In the new lab, large, wall-mounted monitors will allow students to see demonstrations at the instructor’s table as well as each other’s tables. They will also have several Anatomage tables, which are 3D imaging platforms with a computer screen surface that allows students to explore life-size virtual cadavers in layers.
Other equipment upgrades will enable high-quality recording of lectures and patient presentations that can be shared with other WWAMI sites. In the future, these technologies could allow students from different physical campuses to collaborate online in real time and learn together with virtual anatomy software.
In addition to modern technology, the new lab will feature improved facilities, including more storage space for bodies and specimens, administrative offices and modernized ventilation systems.
The new HSEB was thoughtfully designed, with input from faculty and students, to be a warmer and more inclusive space. Accessible spaces for studying and gathering will provide students from the six health science schools — dentistry, medicine, nursing, pharmacy, public health and social work — with opportunities for interprofessional interaction.
“Having our students train in interprofessional teams really helps set them up for success in the future,” says Allen.
The anatomy lab will also have some meaningful touches to honor their willed body donors. On the wall, a quote by Irving Berlin, which medical students helped select, will read, “The song is ended, but the melody lingers on.” A wall display will include letters from students to the families of donors as well as a display representing the scale of the program, with a cloth tie for each body that has been donated.
For both students and faculty, these features are a heartfelt acknowledgment of the critical importance of body donors in medical education.
An incredible gift
“When somebody donates their body, they’re giving an incredible gift for the education of healthcare professionals,” says Pittack, director of the UW Willed Body Program.
The program supplies “donors” — Pittack prefers this term over “cadavers” — to the School’s Seattle, Idaho, Spokane and Alaska campuses. When possible, they also supply donors to smaller state schools and community colleges in the region. In a typical year, the program receives 120 to 150 bodies, but demand always far exceeds supply.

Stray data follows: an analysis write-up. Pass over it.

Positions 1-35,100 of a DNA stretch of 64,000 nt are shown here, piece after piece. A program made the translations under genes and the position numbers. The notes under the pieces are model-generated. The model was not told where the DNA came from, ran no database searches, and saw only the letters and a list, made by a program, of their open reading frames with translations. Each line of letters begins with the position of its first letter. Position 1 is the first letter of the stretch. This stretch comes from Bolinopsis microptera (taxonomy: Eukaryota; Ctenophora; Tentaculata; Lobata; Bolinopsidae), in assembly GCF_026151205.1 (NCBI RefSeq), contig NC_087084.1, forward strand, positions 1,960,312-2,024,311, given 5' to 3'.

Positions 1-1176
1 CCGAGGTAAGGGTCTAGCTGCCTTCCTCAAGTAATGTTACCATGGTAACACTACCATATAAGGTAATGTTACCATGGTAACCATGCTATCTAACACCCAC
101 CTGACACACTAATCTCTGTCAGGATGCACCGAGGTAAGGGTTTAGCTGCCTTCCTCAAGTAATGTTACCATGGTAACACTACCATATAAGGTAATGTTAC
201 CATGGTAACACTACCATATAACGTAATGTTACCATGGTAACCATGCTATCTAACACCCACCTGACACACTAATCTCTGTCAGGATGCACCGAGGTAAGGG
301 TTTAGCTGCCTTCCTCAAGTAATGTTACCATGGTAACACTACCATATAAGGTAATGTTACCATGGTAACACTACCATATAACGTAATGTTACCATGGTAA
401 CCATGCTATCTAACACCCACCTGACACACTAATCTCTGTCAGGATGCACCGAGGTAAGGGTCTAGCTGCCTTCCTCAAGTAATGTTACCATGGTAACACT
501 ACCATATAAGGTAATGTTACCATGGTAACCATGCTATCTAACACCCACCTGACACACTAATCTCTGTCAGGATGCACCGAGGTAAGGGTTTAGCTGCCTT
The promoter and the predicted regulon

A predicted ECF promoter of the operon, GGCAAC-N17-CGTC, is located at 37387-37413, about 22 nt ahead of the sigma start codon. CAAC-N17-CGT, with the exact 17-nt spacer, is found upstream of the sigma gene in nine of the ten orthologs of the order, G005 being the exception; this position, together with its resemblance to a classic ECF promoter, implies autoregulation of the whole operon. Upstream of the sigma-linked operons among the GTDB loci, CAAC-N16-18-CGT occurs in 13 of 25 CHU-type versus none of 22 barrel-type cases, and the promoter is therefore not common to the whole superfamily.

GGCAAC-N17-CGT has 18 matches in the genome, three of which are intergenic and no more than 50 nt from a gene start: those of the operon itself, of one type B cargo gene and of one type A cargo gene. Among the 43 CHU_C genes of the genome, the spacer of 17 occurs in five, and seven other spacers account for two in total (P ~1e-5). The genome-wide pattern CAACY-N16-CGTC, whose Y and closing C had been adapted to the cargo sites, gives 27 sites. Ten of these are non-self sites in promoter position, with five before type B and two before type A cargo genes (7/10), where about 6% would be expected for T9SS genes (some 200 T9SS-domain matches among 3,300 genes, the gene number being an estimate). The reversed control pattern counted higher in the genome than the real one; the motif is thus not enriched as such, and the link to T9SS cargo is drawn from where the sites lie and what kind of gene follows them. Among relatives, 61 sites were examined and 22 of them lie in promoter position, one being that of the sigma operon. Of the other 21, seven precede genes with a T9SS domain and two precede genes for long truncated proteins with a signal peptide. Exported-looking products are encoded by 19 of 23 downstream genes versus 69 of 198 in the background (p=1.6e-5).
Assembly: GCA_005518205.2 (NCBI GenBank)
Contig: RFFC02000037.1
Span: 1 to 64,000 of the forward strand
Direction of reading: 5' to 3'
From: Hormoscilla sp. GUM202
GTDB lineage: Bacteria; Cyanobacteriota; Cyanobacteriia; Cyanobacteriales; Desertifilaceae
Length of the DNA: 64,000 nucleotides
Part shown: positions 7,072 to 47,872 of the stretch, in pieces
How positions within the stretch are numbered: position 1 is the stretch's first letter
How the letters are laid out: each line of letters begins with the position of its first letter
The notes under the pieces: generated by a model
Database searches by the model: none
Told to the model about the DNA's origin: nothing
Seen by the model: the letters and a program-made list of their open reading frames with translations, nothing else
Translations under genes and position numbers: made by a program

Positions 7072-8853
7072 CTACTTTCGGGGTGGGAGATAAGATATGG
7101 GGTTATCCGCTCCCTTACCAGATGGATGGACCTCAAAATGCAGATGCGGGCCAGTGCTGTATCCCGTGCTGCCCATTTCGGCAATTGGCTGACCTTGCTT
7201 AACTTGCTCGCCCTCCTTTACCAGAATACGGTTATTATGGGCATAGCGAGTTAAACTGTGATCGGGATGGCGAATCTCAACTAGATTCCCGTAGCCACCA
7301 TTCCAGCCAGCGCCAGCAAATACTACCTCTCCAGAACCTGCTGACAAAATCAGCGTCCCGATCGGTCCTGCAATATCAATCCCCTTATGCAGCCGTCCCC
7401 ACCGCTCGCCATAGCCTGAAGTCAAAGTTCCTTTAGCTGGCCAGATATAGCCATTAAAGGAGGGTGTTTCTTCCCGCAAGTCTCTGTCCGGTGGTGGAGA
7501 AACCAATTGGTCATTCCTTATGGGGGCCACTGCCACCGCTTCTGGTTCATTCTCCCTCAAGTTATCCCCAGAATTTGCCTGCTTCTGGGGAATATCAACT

A rendering of medical students and faculty in the anatomy lab in the new HSEB.
In the Human Form and Function (HFF) course, which teaches first- and second-year medical students gross and embryological anatomy, students work in groups of four. On the first day, they learn about the history of body donation and the use of bodies for medical education and science. Before dissections begin, students “meet” their donor in the lab and can talk with classmates and counselors about any anxiety or apprehension they may be feeling.
Although virtual reality and computer models are useful in learning basic anatomy, Pittack doesn’t think they can fully replace hands-on dissection. “No matter how good these models are, they don’t give a student the idea of the 3D relationships: the tissue, how tightly packed the organs are and the fascia between them,” she says.
“Every donor is different, and students are always amazed at the variation. Because donors are often older, students see conditions that the donor lived with and how that affected them, and that learning experience is really important for medical professionals.”
Students work with their donor from September through June. At the end of the course, the students organize a ceremony to honor their donors, including writing letters of appreciation to the donors’ families. Donors’ bodies are cremated and can either be returned to their families or interred in a communal site for willed body donors.
“The students get a sense that these were real people who had families, and being donors is part of their journey,” says Pittack, who co-leads the HFF course. “I feel the students have a real respect for the gift they’ve gotten.”
The importance of donor support
State funding and philanthropy have already played a significant role in creating the new HSEB. Additional donor support can help provide students with more educational tools for the anatomy lab, such as anatomical models.
Donor support could also help bring hydrolysis to the willed body program. Also known as “aquamation,” it’s a more environmentally friendly alternative to cremation, with less pollution, no burning of fossil fuels and significant energy savings.
Classes in the new building will begin in late 2022, and faculty are eagerly anticipating its grand opening.
“From distance technology that lets students work together across campuses, to wellness, to opportunities to interact with other health professions, the new building allows us to think about so many options for the future,” says Allen. “I’m excited about how we’ll be training people in the 21st century.”
Written by Stephanie Perry